Nothing to see here.

QUEST: In your wildest dreams at law school, did you ever think you would actually face this?

You have moot court and moot trials and have these esoteric things. I mean, when I was at law school, you think the unthinkable. And everyone goes off

and has a drink in the bar afterwards. They say, well, that's never going to happen.

Did you ever think this would?

JACKSON: Never in a million years. Number one, that there would be a president who was even indicted; number two, that there would be multiple

indictments; number three, that they'd be federal and state; number four, that this is a person who could win and be president, right?

Number five, that he could pardon himself; number six, if he's incarcerated, what would happen?

There's so many hypotheticals here, I never imagined this, but guess what, we're on the cusp of history. As you, know Richard, law is precedent. We're

about, I believe, to get the precedent to these answers.

So if it happens and hopefully it doesn't, we will have the answers we need to move forward seamlessly.

QUEST: I just appointed you QUEST MEANS BUSINESS guide through all of this as we move forward. Very grateful to you, sir. Thank you very much indeed.

JACKSON: Thank you.

QUEST: It's a big list, it's 500 long. It is the Fortune global list, global companies, the most valuable. The editor-in-chief will be next. And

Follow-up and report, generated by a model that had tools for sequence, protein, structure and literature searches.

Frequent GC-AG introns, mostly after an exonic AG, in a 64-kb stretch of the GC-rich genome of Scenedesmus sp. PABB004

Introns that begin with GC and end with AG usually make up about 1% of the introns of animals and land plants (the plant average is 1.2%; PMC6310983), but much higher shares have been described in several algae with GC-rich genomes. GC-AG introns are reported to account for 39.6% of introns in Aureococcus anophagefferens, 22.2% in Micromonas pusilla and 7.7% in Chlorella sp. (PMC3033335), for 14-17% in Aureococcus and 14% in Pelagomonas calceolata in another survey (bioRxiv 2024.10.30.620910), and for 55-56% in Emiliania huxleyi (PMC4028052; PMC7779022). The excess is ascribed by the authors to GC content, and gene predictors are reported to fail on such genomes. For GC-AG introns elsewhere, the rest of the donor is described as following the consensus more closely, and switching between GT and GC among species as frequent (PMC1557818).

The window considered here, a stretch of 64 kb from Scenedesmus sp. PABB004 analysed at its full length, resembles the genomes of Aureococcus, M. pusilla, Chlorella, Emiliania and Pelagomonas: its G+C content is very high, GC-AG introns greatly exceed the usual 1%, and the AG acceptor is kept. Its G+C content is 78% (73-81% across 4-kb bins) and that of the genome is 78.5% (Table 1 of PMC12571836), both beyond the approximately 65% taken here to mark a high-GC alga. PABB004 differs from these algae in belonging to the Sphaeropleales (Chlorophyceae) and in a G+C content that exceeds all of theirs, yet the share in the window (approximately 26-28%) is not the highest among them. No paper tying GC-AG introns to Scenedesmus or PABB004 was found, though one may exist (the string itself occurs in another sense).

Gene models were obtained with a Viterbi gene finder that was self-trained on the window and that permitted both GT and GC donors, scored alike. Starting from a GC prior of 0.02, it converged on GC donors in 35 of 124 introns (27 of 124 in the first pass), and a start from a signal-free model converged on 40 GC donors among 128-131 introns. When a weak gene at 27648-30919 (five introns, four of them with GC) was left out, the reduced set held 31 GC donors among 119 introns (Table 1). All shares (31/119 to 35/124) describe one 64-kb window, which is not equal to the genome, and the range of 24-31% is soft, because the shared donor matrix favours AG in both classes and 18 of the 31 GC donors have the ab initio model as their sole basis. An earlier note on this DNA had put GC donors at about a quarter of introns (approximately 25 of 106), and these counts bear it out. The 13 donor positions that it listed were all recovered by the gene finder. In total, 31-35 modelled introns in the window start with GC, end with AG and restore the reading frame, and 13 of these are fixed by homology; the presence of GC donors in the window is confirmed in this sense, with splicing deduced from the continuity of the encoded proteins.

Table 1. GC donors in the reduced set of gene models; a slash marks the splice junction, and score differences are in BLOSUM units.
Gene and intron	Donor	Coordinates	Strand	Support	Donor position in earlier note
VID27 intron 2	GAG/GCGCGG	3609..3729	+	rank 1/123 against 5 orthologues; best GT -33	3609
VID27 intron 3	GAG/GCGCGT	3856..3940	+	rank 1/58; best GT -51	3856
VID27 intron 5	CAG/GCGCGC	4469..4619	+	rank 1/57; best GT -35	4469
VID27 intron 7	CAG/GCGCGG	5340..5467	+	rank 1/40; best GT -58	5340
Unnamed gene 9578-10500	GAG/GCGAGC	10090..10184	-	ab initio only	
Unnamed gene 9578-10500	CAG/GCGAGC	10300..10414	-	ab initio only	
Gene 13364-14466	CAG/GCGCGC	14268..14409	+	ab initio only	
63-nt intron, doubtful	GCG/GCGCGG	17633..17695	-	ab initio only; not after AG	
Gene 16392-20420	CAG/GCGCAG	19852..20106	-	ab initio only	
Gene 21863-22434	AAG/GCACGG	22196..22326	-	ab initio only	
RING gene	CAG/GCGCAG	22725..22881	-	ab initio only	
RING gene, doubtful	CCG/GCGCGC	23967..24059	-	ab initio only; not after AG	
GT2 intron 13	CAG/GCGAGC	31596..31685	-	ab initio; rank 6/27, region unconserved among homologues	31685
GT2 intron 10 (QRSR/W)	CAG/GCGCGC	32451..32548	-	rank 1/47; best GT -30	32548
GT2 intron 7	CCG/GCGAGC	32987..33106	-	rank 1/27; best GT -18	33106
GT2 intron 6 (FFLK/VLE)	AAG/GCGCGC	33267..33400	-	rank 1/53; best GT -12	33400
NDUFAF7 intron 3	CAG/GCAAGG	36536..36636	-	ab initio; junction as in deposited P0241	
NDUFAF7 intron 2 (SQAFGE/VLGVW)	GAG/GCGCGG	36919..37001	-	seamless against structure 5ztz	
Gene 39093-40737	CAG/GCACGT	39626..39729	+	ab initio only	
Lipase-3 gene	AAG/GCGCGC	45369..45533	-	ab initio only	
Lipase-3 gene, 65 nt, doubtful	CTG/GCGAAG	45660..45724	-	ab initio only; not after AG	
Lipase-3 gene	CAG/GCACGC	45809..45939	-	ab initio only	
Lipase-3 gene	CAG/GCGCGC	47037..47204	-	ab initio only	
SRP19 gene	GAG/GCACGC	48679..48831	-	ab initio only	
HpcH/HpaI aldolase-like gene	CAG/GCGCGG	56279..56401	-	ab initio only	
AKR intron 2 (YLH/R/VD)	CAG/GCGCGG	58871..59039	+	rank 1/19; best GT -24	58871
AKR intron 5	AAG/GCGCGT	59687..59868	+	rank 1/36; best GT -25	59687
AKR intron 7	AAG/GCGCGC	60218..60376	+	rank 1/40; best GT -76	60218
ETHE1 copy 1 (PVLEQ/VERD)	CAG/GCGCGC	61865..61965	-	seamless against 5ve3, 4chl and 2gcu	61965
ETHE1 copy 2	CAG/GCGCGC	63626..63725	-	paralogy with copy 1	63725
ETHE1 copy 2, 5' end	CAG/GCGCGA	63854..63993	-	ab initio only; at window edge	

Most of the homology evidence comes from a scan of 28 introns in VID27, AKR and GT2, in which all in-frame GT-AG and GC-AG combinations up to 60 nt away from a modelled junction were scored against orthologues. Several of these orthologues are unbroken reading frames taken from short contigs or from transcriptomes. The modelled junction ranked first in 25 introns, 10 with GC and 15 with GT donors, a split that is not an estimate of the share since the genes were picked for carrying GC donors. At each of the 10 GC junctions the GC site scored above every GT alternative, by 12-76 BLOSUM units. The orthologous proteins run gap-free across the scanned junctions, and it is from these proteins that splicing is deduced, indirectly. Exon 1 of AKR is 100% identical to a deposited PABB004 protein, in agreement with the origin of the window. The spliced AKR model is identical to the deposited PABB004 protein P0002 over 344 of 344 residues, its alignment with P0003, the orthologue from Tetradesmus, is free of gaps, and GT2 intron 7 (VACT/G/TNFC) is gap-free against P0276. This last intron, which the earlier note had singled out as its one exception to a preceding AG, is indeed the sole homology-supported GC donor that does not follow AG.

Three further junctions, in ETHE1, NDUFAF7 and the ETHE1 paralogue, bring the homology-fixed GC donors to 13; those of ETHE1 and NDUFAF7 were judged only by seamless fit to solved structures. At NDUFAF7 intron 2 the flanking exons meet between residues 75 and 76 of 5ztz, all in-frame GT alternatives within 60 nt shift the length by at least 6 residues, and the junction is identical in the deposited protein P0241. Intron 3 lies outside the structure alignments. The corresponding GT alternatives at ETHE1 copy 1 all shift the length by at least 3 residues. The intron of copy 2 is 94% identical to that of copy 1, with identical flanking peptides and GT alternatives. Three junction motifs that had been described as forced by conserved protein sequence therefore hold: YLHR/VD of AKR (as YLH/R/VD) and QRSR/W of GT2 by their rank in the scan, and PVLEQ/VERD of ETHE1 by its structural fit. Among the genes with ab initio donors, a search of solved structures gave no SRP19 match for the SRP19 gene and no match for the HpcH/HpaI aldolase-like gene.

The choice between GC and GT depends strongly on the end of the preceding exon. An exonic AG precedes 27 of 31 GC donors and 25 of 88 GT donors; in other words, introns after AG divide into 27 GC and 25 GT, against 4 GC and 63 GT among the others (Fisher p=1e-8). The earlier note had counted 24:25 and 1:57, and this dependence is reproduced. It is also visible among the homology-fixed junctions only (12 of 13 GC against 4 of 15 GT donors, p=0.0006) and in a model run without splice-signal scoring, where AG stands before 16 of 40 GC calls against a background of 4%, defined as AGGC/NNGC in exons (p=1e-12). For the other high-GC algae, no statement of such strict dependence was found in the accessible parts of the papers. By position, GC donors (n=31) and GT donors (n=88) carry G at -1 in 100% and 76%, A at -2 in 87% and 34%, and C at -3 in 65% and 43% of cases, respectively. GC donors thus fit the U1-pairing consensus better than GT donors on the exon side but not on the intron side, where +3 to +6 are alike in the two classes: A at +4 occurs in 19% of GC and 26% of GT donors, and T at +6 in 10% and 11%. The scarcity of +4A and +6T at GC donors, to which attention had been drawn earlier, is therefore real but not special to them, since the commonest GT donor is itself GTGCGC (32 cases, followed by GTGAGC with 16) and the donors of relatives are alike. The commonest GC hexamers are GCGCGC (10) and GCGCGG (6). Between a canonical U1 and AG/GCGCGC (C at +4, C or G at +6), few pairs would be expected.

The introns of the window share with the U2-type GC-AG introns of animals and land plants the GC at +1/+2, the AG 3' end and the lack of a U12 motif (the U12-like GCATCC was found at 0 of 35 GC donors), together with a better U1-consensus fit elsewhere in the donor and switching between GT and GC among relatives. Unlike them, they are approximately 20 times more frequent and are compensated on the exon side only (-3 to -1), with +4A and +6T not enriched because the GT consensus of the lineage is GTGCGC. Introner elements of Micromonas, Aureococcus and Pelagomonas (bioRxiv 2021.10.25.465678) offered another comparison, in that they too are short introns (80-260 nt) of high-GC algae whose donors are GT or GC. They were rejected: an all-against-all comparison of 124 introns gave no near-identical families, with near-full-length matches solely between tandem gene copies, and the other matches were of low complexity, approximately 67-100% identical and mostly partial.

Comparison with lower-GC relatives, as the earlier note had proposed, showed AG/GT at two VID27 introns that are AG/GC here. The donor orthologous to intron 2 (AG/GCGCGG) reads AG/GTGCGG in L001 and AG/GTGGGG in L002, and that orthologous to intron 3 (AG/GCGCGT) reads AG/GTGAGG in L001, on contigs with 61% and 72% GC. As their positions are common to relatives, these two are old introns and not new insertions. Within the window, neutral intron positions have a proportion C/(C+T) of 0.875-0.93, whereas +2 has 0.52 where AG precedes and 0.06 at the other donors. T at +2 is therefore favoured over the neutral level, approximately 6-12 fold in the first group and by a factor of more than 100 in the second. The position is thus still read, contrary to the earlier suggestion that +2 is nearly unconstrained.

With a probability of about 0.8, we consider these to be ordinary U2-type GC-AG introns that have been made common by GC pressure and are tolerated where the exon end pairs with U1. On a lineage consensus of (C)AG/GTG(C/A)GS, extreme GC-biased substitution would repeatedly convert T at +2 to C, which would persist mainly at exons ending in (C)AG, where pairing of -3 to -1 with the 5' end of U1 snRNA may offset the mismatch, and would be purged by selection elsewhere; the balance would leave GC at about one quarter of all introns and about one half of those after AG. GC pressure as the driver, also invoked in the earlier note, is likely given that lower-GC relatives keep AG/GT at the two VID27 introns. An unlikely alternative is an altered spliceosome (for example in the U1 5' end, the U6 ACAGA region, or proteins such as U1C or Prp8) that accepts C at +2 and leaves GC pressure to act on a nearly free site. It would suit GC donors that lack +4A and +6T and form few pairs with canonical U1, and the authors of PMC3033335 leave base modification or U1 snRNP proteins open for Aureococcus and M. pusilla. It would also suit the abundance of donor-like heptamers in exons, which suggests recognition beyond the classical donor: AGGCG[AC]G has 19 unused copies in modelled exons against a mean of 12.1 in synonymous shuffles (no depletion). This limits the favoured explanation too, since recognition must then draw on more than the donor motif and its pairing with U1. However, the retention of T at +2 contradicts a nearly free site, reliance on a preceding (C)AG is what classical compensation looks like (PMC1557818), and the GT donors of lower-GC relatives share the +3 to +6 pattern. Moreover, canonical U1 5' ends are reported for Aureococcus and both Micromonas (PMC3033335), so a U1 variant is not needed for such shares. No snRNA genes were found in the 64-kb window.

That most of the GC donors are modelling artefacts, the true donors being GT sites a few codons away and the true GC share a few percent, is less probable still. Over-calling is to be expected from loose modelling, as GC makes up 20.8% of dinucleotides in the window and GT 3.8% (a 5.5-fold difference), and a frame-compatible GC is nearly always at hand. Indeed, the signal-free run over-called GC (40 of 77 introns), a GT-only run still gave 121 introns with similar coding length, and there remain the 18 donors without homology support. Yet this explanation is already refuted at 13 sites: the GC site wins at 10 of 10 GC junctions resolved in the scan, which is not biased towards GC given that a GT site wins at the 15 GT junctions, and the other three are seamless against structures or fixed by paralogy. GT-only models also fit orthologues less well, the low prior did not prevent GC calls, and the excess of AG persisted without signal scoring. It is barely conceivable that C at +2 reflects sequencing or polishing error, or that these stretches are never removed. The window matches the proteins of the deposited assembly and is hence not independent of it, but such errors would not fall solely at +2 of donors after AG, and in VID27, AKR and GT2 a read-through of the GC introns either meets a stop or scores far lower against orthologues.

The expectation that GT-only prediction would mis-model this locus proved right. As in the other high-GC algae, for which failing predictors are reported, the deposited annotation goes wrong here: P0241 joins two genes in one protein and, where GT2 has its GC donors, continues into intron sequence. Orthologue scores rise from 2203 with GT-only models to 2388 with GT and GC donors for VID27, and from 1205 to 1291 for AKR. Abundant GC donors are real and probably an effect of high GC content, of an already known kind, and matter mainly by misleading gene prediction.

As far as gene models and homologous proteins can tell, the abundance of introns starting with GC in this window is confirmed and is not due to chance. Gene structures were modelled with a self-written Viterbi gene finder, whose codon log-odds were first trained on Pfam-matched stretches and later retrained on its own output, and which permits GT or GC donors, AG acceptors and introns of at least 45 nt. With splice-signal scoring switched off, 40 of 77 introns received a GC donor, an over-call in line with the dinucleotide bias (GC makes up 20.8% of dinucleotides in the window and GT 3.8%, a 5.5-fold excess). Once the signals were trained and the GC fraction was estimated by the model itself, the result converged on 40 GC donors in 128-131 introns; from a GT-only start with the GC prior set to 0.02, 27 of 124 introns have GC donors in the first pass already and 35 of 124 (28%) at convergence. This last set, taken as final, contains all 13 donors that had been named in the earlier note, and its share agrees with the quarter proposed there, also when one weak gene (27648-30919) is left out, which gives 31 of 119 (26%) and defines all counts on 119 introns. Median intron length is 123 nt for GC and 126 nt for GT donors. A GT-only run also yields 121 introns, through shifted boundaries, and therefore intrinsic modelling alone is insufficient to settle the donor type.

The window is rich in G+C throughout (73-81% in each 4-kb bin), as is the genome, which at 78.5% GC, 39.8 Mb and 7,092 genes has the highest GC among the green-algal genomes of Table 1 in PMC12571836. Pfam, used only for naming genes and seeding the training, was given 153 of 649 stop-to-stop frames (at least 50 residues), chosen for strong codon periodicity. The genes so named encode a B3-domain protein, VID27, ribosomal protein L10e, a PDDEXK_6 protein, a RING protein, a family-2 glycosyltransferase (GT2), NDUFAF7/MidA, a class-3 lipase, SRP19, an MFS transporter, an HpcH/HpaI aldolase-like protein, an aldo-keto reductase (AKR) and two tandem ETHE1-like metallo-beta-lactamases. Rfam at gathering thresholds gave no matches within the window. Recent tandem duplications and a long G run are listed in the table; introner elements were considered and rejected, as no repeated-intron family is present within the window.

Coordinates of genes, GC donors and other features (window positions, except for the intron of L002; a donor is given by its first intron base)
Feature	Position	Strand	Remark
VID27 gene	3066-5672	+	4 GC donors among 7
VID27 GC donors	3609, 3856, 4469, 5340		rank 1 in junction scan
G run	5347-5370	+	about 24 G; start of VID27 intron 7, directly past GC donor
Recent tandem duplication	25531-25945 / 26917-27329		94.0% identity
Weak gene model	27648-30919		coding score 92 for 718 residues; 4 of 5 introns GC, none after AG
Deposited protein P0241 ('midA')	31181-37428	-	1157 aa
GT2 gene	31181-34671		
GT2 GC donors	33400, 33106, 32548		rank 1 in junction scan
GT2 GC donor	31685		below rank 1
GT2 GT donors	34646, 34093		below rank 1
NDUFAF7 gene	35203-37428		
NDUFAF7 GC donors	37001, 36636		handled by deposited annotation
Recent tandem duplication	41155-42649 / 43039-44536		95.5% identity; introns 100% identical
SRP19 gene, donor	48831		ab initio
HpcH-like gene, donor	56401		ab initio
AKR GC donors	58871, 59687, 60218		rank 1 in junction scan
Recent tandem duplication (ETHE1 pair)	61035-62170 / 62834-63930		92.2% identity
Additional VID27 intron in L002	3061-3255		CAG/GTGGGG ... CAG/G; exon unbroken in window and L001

the companies that rake in the most revenue but the significance of what it means -- in a moment.




[15:45:05] QUEST: The Fortune global 500 list is out, ranking the world's largest companies by revenue. Energy companies dominated the top 10 as fuel prices

soared, taking five of the top spots. Saudi Aramco comes in at number two with 50 percent spike in revenue from last year.

For the 10th year in a row, Walmart leads, collecting more than $600 billion in sales. Think about, that $10 billion a week.

Alyson Shontell is the editor-in-chief of Fortune. She is with me now.

There is this wonderfully voyeuristic element to this as you look at, as one looks at these companies.

But what does it tell us?

What is the significance behind it, that Saudi Aramco is number two behind, say, for example, Walmart?

ALYSON SHONTELL, EDITOR-IN-CHIEF, "FORTUNE": Yes, look, oil had a giant year, it's not just Saudi Aramco. All the oil companies on the list saw 40

plus growth, 40 plus percent growth year over year. It's astronomical.

And not just are they growing but Saudi Aramco highly profitable; $159 billion in profits in 2022. That's unheard, of it's historic. No company

has ever spit that out in the history of companies.

Apple, by comparison, is $100 billion plus in profit. You know, so that has ramifications for the rest of the world.

But what you're really seeing here is global business is taking off. The U.S. still has the most companies on their list of any other countries

stand alone. But the China area is coming. They have about 142, if you include Taiwan and Hong Kong. And the revenues are right there with it. So

this is a big global picture happening.

QUEST: And there was the shift, the shift in terms of companies. I notice, France, for example, dropping quite a bit. It is the shift that really

speaks to power because, with the ownership of those companies, particularly, say, for example, in China, where many of them are state

owned, with that shift comes power and global influence.

SHONTELL: One hundred percent. Europe had a pretty rough year. It does not help that the euro was super turbulent last year. So they actually were the